Boren Will Leave Senate to Run University of Oklahoma : Politics: He’s the sixth Democratic senator to announce his retirement this year. Move boosts the Republicans’ odds of scoring electoral gains.


Sen. David L. Boren (D-Okla.) announced Wednesday that he will resign his seat at the end of this session of Congress, raising Republican hopes of ending Democratic control of the Senate and checking President Clinton’s ambitious domestic programs.

Boren, 53, who once had presidential ambitions, announced in Norman, Okla., that he will resign in November from the seat he has held for 16 years to become president of the University of Oklahoma.

“The revitalization of our country will come from the grass roots, through the strengthening of local communities and the rebuilding of our great institutions, especially our schools and universities,” said Boren, a former Oklahoma governor.

Boren, a conservative Democrat who played a key role in defeating Clinton’s proposed wide-based energy tax last year, eventually voted against Clinton’s budget proposal even though the tax he had opposed no longer was in the plan. Boren was chairman of a joint committee on the organization of Congress and formerly headed the Senate Intelligence Committee.


With his decision, Boren became the sixth Democratic senator to announce his retirement this year. Three Republicans have said that they will step down. The large number of Democratic seats without incumbents will increase GOP chances of scoring gains over the next year, political observers said.

Democrats hold a 56-44 edge in the Senate and were expected to suffer a net loss of three or four seats this year. The odds are still in favor of a Democratic majority after the elections but Republican advances could set up a major showdown in 1996, when Clinton is expected to seek reelection at the top of the ticket.

“We’ve got a very challenging, tough cycle,” said Ken Klein, spokesman for the Democratic Senatorial Campaign Committee. “If history is a guide, we can expect to dip a few. . . . Our goal is to maintain a working majority.”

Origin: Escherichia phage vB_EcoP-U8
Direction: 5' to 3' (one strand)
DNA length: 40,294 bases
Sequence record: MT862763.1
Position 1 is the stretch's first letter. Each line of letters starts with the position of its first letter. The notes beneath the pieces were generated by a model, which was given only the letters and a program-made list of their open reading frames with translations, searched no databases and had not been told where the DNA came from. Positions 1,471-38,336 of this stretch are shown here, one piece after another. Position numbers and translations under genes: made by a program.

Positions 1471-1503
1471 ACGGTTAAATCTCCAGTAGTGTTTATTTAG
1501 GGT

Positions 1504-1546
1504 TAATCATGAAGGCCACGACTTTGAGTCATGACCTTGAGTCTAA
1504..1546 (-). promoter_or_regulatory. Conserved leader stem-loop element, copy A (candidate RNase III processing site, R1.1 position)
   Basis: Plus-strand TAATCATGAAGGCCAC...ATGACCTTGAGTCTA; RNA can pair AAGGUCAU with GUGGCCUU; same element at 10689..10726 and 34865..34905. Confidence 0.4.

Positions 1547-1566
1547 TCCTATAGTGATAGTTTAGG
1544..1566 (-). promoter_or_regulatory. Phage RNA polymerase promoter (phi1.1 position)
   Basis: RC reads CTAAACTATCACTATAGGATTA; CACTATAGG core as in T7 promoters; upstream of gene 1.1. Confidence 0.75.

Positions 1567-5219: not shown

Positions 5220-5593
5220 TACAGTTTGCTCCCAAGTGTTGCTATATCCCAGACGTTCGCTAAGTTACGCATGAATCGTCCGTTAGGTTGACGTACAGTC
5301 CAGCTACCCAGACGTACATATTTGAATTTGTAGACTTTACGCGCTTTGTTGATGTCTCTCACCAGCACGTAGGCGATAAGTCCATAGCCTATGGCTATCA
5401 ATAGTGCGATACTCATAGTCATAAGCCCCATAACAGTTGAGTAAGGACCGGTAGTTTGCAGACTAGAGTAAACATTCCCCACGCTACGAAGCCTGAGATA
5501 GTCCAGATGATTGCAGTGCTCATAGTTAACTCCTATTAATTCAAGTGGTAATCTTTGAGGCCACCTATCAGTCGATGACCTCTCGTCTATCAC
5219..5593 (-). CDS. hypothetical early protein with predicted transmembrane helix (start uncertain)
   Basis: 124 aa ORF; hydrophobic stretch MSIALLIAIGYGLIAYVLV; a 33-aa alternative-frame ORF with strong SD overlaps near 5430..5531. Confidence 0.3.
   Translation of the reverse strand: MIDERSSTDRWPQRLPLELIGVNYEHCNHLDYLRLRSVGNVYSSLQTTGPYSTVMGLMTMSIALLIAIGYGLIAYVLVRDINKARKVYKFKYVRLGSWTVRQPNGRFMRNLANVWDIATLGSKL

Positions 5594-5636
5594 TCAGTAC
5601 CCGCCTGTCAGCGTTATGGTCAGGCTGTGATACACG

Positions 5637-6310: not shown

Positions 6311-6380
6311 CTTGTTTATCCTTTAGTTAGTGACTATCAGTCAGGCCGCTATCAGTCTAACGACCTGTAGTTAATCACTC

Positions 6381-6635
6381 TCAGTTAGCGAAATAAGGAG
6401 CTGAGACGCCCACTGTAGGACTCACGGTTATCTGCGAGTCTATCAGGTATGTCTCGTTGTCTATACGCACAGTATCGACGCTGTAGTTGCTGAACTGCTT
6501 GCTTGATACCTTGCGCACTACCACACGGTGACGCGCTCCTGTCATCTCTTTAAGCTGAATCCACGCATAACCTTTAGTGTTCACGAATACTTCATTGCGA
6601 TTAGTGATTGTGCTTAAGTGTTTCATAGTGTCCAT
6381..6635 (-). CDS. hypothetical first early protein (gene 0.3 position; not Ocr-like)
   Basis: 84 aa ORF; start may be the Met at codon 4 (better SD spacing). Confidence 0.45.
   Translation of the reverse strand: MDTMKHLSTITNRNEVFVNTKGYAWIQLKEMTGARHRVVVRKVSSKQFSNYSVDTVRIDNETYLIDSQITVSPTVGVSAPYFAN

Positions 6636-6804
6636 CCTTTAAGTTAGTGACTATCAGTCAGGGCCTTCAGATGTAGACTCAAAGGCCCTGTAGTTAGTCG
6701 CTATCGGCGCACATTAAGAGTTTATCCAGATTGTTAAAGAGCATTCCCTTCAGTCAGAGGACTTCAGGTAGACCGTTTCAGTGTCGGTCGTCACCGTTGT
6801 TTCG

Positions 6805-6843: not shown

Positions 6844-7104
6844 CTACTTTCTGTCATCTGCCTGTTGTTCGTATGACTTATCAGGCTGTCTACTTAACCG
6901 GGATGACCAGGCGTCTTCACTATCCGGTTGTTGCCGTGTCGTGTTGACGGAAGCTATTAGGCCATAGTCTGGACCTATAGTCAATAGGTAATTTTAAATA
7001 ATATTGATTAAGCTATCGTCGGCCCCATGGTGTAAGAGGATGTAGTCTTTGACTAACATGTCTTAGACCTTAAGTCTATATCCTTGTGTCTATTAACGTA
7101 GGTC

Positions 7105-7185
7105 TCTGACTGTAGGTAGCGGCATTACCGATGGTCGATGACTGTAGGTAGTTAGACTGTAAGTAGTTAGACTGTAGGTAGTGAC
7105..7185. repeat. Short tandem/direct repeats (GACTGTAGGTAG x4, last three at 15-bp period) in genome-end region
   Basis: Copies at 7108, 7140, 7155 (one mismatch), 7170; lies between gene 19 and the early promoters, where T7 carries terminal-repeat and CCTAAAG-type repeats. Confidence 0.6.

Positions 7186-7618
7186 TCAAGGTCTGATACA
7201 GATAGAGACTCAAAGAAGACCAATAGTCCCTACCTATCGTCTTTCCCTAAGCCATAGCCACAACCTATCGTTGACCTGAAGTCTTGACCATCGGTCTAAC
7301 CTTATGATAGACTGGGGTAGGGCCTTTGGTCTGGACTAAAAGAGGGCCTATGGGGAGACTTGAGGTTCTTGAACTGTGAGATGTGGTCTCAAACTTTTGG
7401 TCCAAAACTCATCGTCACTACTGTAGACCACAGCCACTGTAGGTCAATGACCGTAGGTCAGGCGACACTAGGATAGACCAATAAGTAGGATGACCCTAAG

A special election will be called in March or April next year to fill out the remaining two years of Boren’s term. At this point the race is regarded as a tossup, with both parties expected to wage tough primary election fights.


In addition to the wide-open contests--those without incumbents--more Democrats than Republicans appear to be in trouble in reelection contests. Of the 34 Senate seats at stake this fall, 21 are now held by Democrats and 13 by Republicans, an advantage for GOP challengers at a time when the public seems to be in an anti-incumbent mood.

Although congressional races often are decided on the basis of personalities or local issues rather than any over-arching national trend, Charles E. Cook Jr., editor of the highly respected Cook Political Report, said in his latest appraisal of 1994 races that the trend now seems to favor Republican contenders for the Senate.

“The (Democratic) party’s odds of incurring rather significant losses in the Senate have increased in recent months,” Cook wrote. “We are estimating a likely Republican gain of three or four seats. . . . A six-seat gain is unlikely, and a seven-seat gain, which would give Senate Republicans a majority for the first time in eight years, would be highly unlikely but not impossible.”

Gary Koops, communications director for the National Republican Senatorial Committee, said that Boren’s departure would give the GOP an unexpected opportunity. “For Republicans to take control is certainly an uphill operation,” Koops said, “but opening up the Oklahoma seat does nothing to discourage our aspirations.”


In Maine, where Senate Majority Leader George J. Mitchell was considered unbeatable, his surprise decision to leave the Senate at the end of the year gives Republicans another solid chance to capture a Democratic seat.

The other retiring Democratic senators are Dennis DeConcini of Arizona, Harlan Mathews of Tennessee, Howard M. Metzenbaum of Ohio and Donald W. Riegle Jr. of Michigan. Departing Republicans are John C. Danforth of Missouri, Dave Durenberger of Minnesota and Malcolm Wallop of Wyoming.

Democratic prospects for defeating incumbent Republicans appear greatest in Washington state, Delaware and Montana, while GOP chances for knocking off sitting Democrats are thought to be strongest in New Jersey and Virginia.

As for Boren’s departure, Klein said that it underscores the importance of the ’94 elections, particularly since special elections like that to be held in Oklahoma often have a low voter turnout, which tends to favor Republicans.


One twist in Boren’s new job: He will be supervising a faculty that includes law professor Anita Faye Hill, who claimed in 1991 Senate testimony that she had been sexually harassed years before by Supreme Court nominee Clarence Thomas. Boren voted to confirm Thomas, who is now on the court, but said later that the vote might have been a mistake.

Times staff writer Robert Shogan contributed to this story.